Tuesday, 8 December 2009
For checking the mirrors remember to look out for BOB and TOM
Left mirror BOB - boy on bike
Right mirror TOM - twit (or worse) on motorbike
a daft we thing - but remember it and you may just save a life
Thursday, 5 November 2009
Thursday, 29 October 2009
Sunday, 20 September 2009
She told me 'you could use the sorry button'
'The sorry button?' says I
'Oh yes, I was out with my friend on the motorway the other day, I was watching her drive and I noticed she pressed that button lots, I asked her what it was and she told me it was for when you had done something dum and wanted to say sorry to the other drivers.
She was pressing it a LOT!'
Wednesday, 22 July 2009
4 Lessons for £20 from motoskool.net
This unique offer will get you of to the right start in learning to drive; give Pam, Bill or Raymond a call or check out our website for more details of our offer. Our contact details are in the advert on this page.
Our Instructors have a wealth of experience and ask you to do your homework before deciding on who you should train with.
At motoskooL we are committed to improving driver safety in the West of Scotland. If you have any questions or concerns about learning to drive please give one of our instructors a call for free advice – we are here to help even if you already have a Driving Instructor.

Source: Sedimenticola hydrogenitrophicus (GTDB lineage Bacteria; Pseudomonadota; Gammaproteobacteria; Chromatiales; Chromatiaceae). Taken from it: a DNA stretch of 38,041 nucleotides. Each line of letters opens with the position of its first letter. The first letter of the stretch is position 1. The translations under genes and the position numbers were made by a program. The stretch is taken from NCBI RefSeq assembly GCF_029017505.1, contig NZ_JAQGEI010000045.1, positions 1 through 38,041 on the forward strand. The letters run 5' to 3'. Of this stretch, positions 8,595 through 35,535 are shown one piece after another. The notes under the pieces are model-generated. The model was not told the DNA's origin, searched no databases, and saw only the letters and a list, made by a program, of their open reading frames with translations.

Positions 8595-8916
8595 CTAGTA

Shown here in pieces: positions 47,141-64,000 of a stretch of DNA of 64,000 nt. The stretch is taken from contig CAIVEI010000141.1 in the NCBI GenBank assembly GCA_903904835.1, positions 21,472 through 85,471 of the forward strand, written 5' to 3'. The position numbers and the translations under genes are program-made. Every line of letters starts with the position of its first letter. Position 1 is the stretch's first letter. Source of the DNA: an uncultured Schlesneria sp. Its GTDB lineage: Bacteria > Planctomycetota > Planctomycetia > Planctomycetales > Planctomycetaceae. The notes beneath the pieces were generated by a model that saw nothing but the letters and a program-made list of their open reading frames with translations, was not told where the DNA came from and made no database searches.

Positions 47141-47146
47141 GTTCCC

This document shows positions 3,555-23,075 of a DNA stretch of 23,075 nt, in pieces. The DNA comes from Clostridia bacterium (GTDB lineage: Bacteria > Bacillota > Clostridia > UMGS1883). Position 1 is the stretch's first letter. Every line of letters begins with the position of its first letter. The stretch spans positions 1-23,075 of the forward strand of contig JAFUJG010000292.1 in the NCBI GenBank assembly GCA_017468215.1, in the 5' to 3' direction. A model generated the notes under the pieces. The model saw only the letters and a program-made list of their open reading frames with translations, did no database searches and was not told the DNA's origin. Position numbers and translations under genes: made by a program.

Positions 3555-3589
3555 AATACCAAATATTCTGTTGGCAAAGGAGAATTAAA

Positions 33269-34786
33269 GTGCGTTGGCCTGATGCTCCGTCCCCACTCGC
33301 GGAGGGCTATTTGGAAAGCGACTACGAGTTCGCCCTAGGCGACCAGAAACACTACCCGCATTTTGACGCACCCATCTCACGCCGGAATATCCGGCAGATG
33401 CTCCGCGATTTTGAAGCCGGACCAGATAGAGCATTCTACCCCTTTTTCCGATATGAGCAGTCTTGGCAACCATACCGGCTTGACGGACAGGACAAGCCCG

Please keep an eye out for our monthly driving features in this paper, and if there is any aspect of learning to drive you would like covered please contact motoskooL
Tips on choosing your instructor
• Use a local instructor, this should save you money. They don’t have high advertising costs which reflect on lesson prices. (Guess who’s paying for the adverts with the national driving schools “YOU”)
• Your instructor should be on time, patient and friendly.
• You should be encouraged to pass your theory A.S.A.P.
• You should if you can have 2 x 1 hour lessons per week which will help reduce the time in learning to drive.
• Always ask the length of time of the lesson (not all instructors offer 1 hour)
• Most of all you should enjoy your lesson.
Monday, 18 May 2009
Here is the team in their motoskooL sponsered kit.
motoskooL has also agreed to write a monthly driver eduacation feature for the Paisely daily Express and the Renfrewshire World so please keep an eye out for us there and if there is any advice you would like covered in a feature then please let us know
Friday, 15 May 2009
We have already covered MSM - Mirror, Signal, Maneuver
another important one is the POM routine.
You need to do this every time the car pulls away.
You usually prepare the car by selecting first gear, setting the gas and finding the bite point. On hills there are different ways you can do this - but we will cover that later.
Then the tricky bit - hold your feet still
Good all round observations are needed here starting from the left looking out all windows and mirrors and finishing up looking out the blind spot just before you move.
At this point you can consider if a signal is needed, in most situations it isnt.